Innovation, Universities and Skills written question – answered on 1st April 2008.

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Photo of Mark Hoban Mark Hoban Shadow Minister (Treasury)

To ask the Secretary of State for Innovation, Universities and Skills how many adult and employer responsive training places will be available in the academic year 2010-11.

Photo of Bill Rammell Bill Rammell Minister of State (Lifelong Learning, Further and Higher Education), Department for Innovation, Universities and Skills

The Learning and Skills Council (LSC) Statement of Priorities published on 16 November set out the funding strategy for post-16 further education (FE) and skills for the comprehensive spending review (CSR) period (2008-09 to 2010-11). Total investment on post-16 FE and skills will increase from £11.2 billion in 2007-08 to £12.4 billion in 2010-11.

Annex C to the joint Grant Letter to the LSC from my Department and Department for Children, Schools and Families provides a breakdown of the number of funded places by programme. This is reproduced here and is also available at:

It shows that in 2010-11 a total of 2.5 million adult learner places will be funded through the adult learner and employer responsive models. In line with the national roll-out of level 3 provision delivered through Train to Gain set out in 'Train to Gain: A Plan for Growth (November 2007)', the number of funded adult learners on full level 3 provision significantly increases between 2009-10 and 2010-11 (from 144,000 to 356,000). This increase reflects the higher level skills challenge set out by Lord Leitch. It more than offsets the planned reductions in funded non-accredited and non-priority learning places in 2010-11 resulting in an overall increase in funded adult learner places compared with 2009-10.

Taking into account all adult learners funded by the LSC, not just those on provision funded through the adult learner and employer learner responsive models, on average over three million adult learners will be funded each year over the CSR period.

Planned outputs/volumes (academic year)
Academic years
Budget line 2008-09 2009-10 2010-11
Learner numbers
Youth Participation
of which for planning purposes:
School Sixth Forms 376,000 370,000 364,000
16-19 FE 773,000 773,000 773,000
16-18 Apprenticeships 240,000 260,000 281,000
Entry to Employment 70,000 70,000 70,000
Total Youth Participation 1,460,000 1,473,000 1,488,000
Academies 16,000 22,000 28,000
Adult Learner Responsive
FE19+ 1,372,000 1,127,000 1,154,000
Ufl/learndirect 204,000 179,000 152,000
Employability Learning 24,000 29,000 37,000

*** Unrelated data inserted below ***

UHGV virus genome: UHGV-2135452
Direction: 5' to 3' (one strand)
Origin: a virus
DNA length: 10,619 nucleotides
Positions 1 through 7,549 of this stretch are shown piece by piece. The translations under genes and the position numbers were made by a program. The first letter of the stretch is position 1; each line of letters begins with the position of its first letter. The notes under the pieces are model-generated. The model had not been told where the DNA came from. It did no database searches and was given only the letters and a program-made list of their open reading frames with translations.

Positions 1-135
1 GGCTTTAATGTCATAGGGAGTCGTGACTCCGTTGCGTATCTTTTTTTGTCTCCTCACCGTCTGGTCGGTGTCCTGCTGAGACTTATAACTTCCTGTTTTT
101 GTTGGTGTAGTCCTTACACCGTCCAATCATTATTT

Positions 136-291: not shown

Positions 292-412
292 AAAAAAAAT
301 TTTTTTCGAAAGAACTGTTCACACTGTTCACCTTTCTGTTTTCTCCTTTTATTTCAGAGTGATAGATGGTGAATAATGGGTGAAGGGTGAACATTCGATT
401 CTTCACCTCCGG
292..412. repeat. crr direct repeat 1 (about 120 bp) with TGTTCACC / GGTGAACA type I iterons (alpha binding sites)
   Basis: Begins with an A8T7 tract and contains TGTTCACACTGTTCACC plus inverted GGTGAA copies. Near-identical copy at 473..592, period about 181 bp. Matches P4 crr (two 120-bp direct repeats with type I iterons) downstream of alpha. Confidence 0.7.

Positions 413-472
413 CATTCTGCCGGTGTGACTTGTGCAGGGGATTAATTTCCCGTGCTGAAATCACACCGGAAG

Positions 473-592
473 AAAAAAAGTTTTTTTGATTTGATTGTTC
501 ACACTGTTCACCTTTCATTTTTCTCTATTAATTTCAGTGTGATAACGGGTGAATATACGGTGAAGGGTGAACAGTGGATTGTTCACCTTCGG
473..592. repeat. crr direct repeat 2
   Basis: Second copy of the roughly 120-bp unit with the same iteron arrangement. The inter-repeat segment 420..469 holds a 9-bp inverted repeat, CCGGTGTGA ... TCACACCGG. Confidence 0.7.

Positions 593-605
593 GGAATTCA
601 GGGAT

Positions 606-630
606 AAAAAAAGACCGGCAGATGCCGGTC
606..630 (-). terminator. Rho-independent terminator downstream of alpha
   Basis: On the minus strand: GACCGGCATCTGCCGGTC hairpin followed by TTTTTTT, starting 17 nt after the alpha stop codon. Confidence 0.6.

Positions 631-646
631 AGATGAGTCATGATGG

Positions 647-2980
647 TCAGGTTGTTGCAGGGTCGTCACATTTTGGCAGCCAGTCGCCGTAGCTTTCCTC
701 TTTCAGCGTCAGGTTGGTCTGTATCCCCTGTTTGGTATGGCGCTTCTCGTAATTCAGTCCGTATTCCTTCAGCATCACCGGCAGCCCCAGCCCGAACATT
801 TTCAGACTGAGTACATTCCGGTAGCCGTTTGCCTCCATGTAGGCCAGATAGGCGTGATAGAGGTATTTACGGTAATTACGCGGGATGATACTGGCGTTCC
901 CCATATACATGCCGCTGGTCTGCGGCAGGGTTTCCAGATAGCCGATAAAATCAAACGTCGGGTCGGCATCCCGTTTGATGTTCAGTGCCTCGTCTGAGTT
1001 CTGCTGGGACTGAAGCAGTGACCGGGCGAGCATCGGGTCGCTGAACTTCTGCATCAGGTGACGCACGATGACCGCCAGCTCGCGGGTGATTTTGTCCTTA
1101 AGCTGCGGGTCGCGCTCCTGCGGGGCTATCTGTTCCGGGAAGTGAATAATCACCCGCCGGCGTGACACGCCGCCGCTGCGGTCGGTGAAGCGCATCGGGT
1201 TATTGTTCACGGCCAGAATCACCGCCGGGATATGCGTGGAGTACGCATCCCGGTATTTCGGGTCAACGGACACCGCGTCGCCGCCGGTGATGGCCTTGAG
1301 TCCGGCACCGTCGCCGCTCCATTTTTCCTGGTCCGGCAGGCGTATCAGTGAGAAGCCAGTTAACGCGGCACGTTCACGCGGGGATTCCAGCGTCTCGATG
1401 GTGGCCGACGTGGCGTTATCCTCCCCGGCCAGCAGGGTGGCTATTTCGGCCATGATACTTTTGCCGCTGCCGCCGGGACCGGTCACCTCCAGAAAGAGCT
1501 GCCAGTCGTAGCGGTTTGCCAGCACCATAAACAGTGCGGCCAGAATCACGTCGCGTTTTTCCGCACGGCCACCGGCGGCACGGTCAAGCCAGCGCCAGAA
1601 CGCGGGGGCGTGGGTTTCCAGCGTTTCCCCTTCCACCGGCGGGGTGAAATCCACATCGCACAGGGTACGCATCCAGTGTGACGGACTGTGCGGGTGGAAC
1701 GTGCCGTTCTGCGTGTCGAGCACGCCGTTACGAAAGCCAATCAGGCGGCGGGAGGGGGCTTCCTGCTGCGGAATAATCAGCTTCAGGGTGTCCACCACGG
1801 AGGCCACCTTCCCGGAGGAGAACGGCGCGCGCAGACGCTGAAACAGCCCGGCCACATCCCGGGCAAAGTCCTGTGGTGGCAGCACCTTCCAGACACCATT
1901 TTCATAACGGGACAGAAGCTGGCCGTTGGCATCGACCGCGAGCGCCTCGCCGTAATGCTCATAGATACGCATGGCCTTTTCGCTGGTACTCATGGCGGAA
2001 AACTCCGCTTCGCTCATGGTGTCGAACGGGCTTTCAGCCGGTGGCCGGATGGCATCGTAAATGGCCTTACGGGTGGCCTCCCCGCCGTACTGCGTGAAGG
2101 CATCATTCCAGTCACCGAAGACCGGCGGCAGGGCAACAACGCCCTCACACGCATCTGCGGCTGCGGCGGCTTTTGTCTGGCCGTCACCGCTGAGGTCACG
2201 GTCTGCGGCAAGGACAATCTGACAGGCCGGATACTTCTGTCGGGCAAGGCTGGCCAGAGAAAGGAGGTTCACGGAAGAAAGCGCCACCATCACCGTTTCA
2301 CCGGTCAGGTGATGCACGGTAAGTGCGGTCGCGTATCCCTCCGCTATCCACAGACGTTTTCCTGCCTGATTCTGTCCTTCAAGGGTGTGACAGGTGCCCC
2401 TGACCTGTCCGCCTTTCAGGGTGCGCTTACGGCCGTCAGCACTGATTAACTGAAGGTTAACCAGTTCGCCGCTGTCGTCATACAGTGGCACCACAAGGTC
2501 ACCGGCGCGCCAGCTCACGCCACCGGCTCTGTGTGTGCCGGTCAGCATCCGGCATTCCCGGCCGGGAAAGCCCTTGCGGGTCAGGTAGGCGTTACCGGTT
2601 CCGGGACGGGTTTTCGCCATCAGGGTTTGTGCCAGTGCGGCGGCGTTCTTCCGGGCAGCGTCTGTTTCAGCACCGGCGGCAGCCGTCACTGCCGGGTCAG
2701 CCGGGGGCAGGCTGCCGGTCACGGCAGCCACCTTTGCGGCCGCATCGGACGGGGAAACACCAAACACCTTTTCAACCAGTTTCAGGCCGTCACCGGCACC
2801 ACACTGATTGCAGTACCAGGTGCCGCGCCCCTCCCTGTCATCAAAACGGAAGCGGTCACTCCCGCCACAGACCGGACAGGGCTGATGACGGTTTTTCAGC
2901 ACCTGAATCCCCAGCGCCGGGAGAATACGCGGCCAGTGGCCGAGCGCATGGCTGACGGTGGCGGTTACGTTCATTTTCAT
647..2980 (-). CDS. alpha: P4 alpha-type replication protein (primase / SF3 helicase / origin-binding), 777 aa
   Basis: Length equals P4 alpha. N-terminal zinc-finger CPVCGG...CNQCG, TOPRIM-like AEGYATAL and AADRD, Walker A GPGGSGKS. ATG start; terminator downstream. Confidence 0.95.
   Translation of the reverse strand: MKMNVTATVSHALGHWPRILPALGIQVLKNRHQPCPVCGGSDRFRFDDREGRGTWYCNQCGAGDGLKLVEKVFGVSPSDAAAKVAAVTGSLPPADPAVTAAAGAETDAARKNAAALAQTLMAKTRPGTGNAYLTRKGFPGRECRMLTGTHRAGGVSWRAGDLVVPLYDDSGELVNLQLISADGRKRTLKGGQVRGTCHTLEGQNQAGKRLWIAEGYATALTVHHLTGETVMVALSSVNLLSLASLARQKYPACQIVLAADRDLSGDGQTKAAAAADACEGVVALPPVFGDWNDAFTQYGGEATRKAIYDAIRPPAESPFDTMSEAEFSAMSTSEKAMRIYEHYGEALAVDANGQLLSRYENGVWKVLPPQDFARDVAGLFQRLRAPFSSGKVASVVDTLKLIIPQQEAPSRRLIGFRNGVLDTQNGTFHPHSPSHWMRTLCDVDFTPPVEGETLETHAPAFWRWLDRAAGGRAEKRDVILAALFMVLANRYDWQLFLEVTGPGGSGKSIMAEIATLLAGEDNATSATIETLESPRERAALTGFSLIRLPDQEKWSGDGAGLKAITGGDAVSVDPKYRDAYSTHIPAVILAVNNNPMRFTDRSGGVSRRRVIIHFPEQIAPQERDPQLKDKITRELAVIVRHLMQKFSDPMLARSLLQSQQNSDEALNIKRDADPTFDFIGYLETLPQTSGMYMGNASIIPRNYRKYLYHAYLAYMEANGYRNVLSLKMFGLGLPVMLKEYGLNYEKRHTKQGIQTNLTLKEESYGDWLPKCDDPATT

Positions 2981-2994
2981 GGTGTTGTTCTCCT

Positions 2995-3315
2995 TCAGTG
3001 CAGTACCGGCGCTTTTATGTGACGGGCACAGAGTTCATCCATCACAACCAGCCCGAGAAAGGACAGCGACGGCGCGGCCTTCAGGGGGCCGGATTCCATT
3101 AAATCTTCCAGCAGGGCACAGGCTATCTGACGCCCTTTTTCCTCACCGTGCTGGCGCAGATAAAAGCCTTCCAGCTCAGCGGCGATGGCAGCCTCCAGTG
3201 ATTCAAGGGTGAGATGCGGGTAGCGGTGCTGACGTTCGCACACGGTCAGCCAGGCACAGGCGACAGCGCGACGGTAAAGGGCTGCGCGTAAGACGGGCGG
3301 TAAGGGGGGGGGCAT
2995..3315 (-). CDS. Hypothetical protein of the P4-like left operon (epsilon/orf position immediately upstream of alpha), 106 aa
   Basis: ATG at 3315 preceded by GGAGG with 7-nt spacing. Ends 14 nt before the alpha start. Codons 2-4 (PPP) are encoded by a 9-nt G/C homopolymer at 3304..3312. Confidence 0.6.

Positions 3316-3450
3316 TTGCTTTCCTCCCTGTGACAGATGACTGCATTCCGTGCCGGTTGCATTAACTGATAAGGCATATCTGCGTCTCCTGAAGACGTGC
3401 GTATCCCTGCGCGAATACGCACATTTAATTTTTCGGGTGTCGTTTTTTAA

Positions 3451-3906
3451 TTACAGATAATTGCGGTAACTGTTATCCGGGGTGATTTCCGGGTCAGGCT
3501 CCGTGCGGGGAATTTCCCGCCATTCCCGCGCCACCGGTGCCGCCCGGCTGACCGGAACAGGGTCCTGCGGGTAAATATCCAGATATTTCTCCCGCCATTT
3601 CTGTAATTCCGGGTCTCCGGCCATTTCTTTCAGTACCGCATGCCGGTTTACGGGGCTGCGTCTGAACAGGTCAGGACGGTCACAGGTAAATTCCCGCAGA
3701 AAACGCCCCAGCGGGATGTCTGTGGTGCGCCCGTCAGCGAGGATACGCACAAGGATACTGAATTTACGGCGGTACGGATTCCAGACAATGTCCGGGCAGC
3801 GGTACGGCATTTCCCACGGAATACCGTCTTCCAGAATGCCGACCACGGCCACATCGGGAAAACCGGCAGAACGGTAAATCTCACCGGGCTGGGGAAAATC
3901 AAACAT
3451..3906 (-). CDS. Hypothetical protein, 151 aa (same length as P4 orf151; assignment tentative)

Adult Learner Responsive sub total 1,600,000 1,335,000 1,343,000
of which for planning purposes:
Foundation Learning Tier 368,000 372,000 374,000
Skills for Life 923,000 914,000 904,000
Full Level 2 133,000 143,000 161,000
Full Level 3 137,000 157,000 165,000
Developmental Learning 497,000 216,000 116,000
Employer Responsive
Employer based NVQs 185,000 196,000 216,000
Apprenticeships/Workbased Learning 114,000 124,000 126,000
Train to Gain 600,000 638,000 872,000
Employer Responsive sub total 899,000 958,000 1,214,000
of which for planning purposes:
Foundation Learning Tier 10,000 10,000 10,000
Skills for Life 304,000 313,000 323,000
Full Level 2 (Excluding Apprenticeships) 603,000 637,000 664,000
Full Level 3 (Excluding Apprenticeships) 136,000 144,000 356,000
Apprenticeships 113,000 123,000 125,000
Developmental Learning 11,000 3,000 0
Safeguarded Learning 630,000 605,000 585,000
Total Adult and Employer Responsive 2,499,000 2,293,000 2,557,000
Key PSA related outputs
2008-09 2009-10 2010-11
Skills for Life—achievements counting towards the literacy level 1 target and the numeracy entry level 3 target 349,000 368,000 387,000
First full level 2 Adult Achievements (All) 346,000 388,000 412,000
First full level 3 115,000 168,000 213,000
16-18 Apprenticeships Average in Learning 160,000 172,000 183,000
Total Apprenticeship Completions 123,000 134,000 142,000

1. Skills for Life volumes when added together will remain constant. There will be issued shortly a consultation document on English for Speakers of Other Languages (ESOL). These projections will then be remodelled.

2. Youth Participation figures exclude those delivered through specialist colleges with learners with learning disabilities and or difficulties.

3. Funding of academies is not routed through the LSC, so academy volumes are not included in the Youth Participation total. However Academies volumes do contribute to overall participation.

4. Component learner numbers and achievements presented are not cumulative. For example; a learner may undertake an apprenticeship programme of study that incorporates the successful achievements of both a Skills for Life literacy and numeracy qualification.

5. Developmental learning is defined as below level 2 learning outside the national qualifications framework, and learning above level 3. Figures are indicative and subject to further modelling. Activity associated with developmental learning will form part of the consultation the Secretary of State will launch shortly to help inform our approach to adult learning.

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